4. There's no way to avoid having tons of update stuff run. Remember that simple things like math are super fast. Drawing is what is slow. I prefer to leave update() itself pretty bare though. If your characters all eventually get represented as Sprites, Sprite.update can be assigned a function that does updates specific to that sprite. That is where I would put most of my code logic. Your game works best if your Sprites can handle logic independent from your update call.


5. Setting "hero" to null is not a bad idea, but deleting might have unintended consequences, I can't tell without playing with it. You might run into issues if you start the game again after quitting as technically the line that declares hero won't get called again (I don't think).


I hope this all makes sense and is helpful. I'm sure there are people on the forum that will disagree, but I think separating your code into many files is crucial for it to be readable and truly modular. If you're worried about loading times, you can always combine and condense before release.

Link to comment
Share on other sites

That clears up a lot! Thanks for the reply, Adam! I'll take a look at the links you provided about inheritance and factory pattern, and separate the hero creation into a separate class that will also manage leveling up and skills, as well as plan for classes for monsters, loot, inventory management, and questing. I'll keep a js file to handle declaring things like text styles in one location. Maybe include strings for dialogue as well. One potentially major problem I've been wondering about is Javascript's ability to handle saving the progress of a game like this. Any ideas on this possibility?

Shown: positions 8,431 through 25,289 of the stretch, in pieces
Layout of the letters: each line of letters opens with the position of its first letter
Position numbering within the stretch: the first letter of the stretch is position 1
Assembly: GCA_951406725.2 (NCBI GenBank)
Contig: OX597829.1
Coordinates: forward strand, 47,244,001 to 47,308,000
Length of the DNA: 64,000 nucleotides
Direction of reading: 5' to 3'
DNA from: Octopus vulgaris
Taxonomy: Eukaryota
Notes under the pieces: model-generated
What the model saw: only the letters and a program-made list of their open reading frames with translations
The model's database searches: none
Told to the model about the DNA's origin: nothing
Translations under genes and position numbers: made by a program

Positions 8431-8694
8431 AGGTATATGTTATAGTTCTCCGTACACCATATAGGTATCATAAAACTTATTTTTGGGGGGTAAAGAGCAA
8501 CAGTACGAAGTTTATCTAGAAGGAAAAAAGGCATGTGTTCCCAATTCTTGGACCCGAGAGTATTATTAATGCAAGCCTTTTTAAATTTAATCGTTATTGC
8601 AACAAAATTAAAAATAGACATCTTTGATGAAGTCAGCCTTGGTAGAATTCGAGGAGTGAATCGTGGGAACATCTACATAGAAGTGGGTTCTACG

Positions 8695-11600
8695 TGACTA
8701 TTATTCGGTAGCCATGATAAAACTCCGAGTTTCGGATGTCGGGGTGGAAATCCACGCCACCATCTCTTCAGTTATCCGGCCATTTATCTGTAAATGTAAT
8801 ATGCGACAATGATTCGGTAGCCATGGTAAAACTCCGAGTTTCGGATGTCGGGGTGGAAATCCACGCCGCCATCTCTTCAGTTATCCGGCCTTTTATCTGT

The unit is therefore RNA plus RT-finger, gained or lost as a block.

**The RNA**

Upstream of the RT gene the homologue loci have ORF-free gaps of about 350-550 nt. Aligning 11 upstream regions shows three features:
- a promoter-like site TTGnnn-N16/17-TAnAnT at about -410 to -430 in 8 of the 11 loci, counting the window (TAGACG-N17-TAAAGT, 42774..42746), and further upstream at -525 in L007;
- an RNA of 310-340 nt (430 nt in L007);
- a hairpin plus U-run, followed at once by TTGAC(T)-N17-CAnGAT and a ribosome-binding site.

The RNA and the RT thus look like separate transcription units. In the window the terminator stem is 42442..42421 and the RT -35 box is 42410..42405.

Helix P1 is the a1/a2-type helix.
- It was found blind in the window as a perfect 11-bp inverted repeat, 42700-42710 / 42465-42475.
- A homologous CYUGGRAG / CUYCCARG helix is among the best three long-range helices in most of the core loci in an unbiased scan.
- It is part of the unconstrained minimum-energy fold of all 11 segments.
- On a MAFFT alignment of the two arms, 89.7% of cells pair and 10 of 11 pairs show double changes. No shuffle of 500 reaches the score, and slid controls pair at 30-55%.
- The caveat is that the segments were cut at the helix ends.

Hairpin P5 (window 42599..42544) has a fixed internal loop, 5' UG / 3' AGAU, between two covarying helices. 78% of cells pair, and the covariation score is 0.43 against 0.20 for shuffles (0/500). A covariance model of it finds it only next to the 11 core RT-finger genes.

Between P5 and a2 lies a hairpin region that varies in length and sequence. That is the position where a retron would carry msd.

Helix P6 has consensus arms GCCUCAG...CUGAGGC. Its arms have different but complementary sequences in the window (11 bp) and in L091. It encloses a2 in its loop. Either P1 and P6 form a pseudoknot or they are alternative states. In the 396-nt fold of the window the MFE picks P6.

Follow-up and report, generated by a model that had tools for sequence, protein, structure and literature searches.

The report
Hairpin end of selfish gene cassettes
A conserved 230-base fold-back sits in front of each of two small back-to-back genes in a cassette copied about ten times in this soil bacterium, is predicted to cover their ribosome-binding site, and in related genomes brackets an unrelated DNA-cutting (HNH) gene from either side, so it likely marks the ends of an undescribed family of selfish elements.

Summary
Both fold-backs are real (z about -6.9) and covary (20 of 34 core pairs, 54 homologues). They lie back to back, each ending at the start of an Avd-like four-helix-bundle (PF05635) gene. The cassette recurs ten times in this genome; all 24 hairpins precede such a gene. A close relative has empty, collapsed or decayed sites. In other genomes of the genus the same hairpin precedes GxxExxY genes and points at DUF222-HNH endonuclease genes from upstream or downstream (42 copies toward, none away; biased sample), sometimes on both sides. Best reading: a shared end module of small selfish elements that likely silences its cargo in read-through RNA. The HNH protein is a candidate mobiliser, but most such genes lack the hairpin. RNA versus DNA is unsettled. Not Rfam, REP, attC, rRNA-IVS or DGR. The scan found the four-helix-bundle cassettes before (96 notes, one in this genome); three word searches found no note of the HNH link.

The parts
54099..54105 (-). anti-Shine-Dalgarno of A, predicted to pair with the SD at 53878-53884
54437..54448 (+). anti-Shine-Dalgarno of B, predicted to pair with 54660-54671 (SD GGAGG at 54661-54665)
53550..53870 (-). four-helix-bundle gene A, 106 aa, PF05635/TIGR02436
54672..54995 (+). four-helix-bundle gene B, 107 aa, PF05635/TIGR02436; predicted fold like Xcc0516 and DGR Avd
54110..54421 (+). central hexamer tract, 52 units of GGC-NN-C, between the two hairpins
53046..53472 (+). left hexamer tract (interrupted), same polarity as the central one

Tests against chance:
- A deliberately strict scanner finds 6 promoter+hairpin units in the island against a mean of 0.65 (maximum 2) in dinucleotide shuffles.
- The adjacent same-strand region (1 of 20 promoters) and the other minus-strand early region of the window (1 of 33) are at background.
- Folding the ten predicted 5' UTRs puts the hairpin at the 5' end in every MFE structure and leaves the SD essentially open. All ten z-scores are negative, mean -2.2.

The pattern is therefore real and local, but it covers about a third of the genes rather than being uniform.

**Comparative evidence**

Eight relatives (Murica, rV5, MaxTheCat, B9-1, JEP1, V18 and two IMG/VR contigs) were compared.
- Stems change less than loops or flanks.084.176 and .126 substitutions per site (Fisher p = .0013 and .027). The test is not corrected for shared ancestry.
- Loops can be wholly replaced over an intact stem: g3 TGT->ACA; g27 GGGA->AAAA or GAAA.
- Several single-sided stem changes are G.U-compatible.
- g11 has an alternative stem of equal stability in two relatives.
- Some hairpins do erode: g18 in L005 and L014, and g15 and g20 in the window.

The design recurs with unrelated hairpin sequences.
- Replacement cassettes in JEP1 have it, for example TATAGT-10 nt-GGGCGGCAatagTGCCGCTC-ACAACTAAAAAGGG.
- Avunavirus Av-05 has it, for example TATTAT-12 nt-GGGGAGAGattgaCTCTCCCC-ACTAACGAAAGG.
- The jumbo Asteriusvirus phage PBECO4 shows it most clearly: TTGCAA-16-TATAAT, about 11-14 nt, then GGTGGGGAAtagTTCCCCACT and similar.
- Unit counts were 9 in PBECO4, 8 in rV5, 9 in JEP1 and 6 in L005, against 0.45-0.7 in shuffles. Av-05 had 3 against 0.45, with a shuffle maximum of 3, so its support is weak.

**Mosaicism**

Edit: Since there will be only one hero object, I think the factory pattern is too complex a solution, but inheritance sounds good (I may use the factory pattern on a monsterFactory). To clarify, the new Hero.js file will have a makeHero() function and use Object.create to give var hero the individual traits of specific character classes. If I leave var hero declaration where it is now, at the top of Game.js where it will be fully accessible to Game.js and not global, can I pass hero var to Hero.js using makeHero(hero)? Or will that not work because var hero is confined to _Game.Game?

Link to comment
Share on other sites

Not sure on the first one, would be interested in hearing how other people approached this. Would be a very good thing to have in phaser-examples.
This library looks promising: https://github.com/zefhemel/persistencejs

On your second point, passing in hero would work, because you are passing it in, not referencing it externally. A more conventional looking approach would be to have makeHero actually construct the object so your function call would look like "hero = makeHero()" instead.

Link to comment
Share on other sites

Completely unrelated question now! I'm trying to create key captures for the 10 key pad, which have keycodes 96 and up, but I can't seem to get the syntax right. Googling, forums, and doc have provided no solutions, but it must be possible, right?


Edit: Nevermind, found it in the source files! The 10 keypad seems to work fine, except the Enter key. Odd.

keyEnt = game.input.keyboard.addKey(Phaser.Keyboard.NUMPAD_ENTER );  
Link to comment
Share on other sites


  • Recently Browsing   0 members

    • No registered users viewing this page.
  • Create New...